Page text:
Global HR News
Global HR News
Jury awards $3.2 million to ex-Tesla worker for racial abuse at California factory
By Michael Liedtke
A federal jury has awarded nearly $3.2 million in damages to a Black former worker at a Tesla factory in California that has been at the epicenter of racial discrimination allegations hanging over the automaker run by billionaire Elon Musk.
The verdict reached Monday marks the second time former Tesla employee Owen Diaz has prevailed in trials seeking to hold Tesla liable for allowing him to be subjected to racial epithets and other abuses during his brief tenure at the pioneering maker of electric vehicles.
But the eight-person jury in the latest trial, which lasted five days, arrived at a dramatically lower damages number than the $137 million Diaz won in his first trial held in San Francisco federal court. U.S. District Judge William Orrick reduced that award to $15 million, prompting Diaz and his lawyers to seek a new trial rather than accept the lower amount.
“If you had just looked at this verdict without knowing the verdict in the first trial, you would say this is a big win. So, it’s still a big win,” Lawrence Organ, Diaz’s attorney, said Tuesday in an interview with The Associated Press.
Even so, Organ is still vying for a third trial under a motion he filed last week before the jury reached its verdict. The request for a mistrial is based on assertions that Tesla’s legal team prejudiced the jury by asking improper questions that raised doubts about Diaz’s mental state and cast him as a sexual harasser.
Tesla lawyers did not respond to requests for comment Tuesday.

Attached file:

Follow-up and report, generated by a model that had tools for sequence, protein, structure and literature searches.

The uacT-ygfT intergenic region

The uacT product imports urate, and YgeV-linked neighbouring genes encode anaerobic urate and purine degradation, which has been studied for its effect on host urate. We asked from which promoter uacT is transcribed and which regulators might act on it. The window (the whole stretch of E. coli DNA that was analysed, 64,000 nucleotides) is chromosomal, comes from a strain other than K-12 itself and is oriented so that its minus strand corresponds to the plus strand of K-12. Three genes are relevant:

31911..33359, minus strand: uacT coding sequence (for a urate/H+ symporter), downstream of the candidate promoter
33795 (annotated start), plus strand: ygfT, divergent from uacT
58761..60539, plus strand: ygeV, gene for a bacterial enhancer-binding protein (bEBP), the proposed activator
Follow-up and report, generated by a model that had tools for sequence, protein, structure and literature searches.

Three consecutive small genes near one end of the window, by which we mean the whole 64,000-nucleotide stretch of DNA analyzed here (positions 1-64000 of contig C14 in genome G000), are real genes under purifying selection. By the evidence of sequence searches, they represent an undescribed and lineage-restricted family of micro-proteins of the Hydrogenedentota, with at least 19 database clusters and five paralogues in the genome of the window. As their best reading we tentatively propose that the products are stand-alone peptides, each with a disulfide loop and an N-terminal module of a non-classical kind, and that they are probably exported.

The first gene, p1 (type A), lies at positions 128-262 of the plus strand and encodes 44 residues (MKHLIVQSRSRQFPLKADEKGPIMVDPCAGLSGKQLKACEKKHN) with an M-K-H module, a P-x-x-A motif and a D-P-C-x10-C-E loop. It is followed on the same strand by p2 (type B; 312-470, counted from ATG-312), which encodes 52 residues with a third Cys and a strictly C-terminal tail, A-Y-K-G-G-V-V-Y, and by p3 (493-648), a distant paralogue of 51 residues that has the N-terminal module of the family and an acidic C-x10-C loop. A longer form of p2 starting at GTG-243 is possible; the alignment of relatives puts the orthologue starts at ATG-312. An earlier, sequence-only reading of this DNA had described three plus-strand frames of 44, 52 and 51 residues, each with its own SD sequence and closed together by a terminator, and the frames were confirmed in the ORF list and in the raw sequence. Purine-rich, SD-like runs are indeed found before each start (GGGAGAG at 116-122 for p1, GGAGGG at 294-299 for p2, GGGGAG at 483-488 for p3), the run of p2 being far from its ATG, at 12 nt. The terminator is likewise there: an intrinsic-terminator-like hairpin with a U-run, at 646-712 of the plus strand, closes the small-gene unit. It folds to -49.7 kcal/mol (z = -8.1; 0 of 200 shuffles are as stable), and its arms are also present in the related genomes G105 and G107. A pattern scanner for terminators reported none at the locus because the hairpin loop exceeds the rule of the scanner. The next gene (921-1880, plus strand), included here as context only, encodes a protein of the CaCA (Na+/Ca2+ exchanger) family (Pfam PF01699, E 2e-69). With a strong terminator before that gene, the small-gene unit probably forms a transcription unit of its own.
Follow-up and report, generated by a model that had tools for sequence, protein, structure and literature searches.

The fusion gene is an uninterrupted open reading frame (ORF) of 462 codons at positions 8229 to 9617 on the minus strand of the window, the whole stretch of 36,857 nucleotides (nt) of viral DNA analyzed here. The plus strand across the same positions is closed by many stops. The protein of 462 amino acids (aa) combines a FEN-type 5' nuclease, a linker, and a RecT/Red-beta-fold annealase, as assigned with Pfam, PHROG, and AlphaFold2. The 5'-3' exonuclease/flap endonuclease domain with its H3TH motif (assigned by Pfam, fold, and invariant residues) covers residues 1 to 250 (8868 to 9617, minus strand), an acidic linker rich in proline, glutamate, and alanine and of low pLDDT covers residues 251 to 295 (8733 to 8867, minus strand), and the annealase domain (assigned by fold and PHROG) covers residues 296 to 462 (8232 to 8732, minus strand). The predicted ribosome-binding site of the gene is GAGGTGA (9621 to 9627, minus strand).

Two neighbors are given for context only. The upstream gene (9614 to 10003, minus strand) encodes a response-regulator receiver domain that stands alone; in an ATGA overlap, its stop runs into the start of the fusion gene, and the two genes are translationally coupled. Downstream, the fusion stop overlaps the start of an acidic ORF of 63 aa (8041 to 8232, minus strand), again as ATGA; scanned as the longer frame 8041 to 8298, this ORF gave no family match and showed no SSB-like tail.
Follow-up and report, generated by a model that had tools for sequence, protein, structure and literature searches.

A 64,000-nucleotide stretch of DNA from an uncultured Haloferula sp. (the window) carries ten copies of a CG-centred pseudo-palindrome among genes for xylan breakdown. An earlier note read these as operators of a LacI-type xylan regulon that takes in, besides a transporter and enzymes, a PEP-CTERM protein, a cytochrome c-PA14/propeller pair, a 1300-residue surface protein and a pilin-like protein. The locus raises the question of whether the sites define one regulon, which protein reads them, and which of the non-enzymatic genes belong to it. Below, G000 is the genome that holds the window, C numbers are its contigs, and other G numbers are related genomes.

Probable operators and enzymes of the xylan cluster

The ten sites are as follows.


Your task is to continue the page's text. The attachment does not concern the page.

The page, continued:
If the motion for a mistrial is rejected, Organ told the AP he will file an appeal of the latest verdict that will also raise legal questions about Orrick’s decision to slash the damages awarded by the jury in the first trial.
The case, which dates back to 2017, centers on allegations that Tesla didn’t take action to stop a racist culture at its Fremont, California, factory, located about 40 miles (65 kilometers) southeast from San Francisco. Diaz, 53, alleged he was called the “n-word” more than 30 times, shown racist cartoons and told to “go back to Africa” during his roughly nine-month tenure at Tesla that ended in 2016.
The same Tesla plant, where the company has manufactured tens of thousands of cars, is in the crosshairs of a wide-ranging racial discrimination case brought last year by California regulators. The lawsuit field by the California Civil Rights Department (formerly known as California Department of Fair Employment and Housing) alleges Tesla turned “a blind eye” to rampant abuses that included likening Black employees to slaves and monkeys.
Tesla has adamantly denied the allegations made in state court and lashed back by accusing the agency of abusing its authority.
Musk, Tesla’s CEO and largest shareholder, moved the company’s headquarters from Silicon Valley to Austin, Texas, in 2021, partly because of tensions with various California agencies over the practices at the Fremont factory. Despite the strife, Musk, with California Gov. Gavin Newsom by his side, in February announced that an office complex in Palo Alto, California, will be Tesla’s engineering hub.
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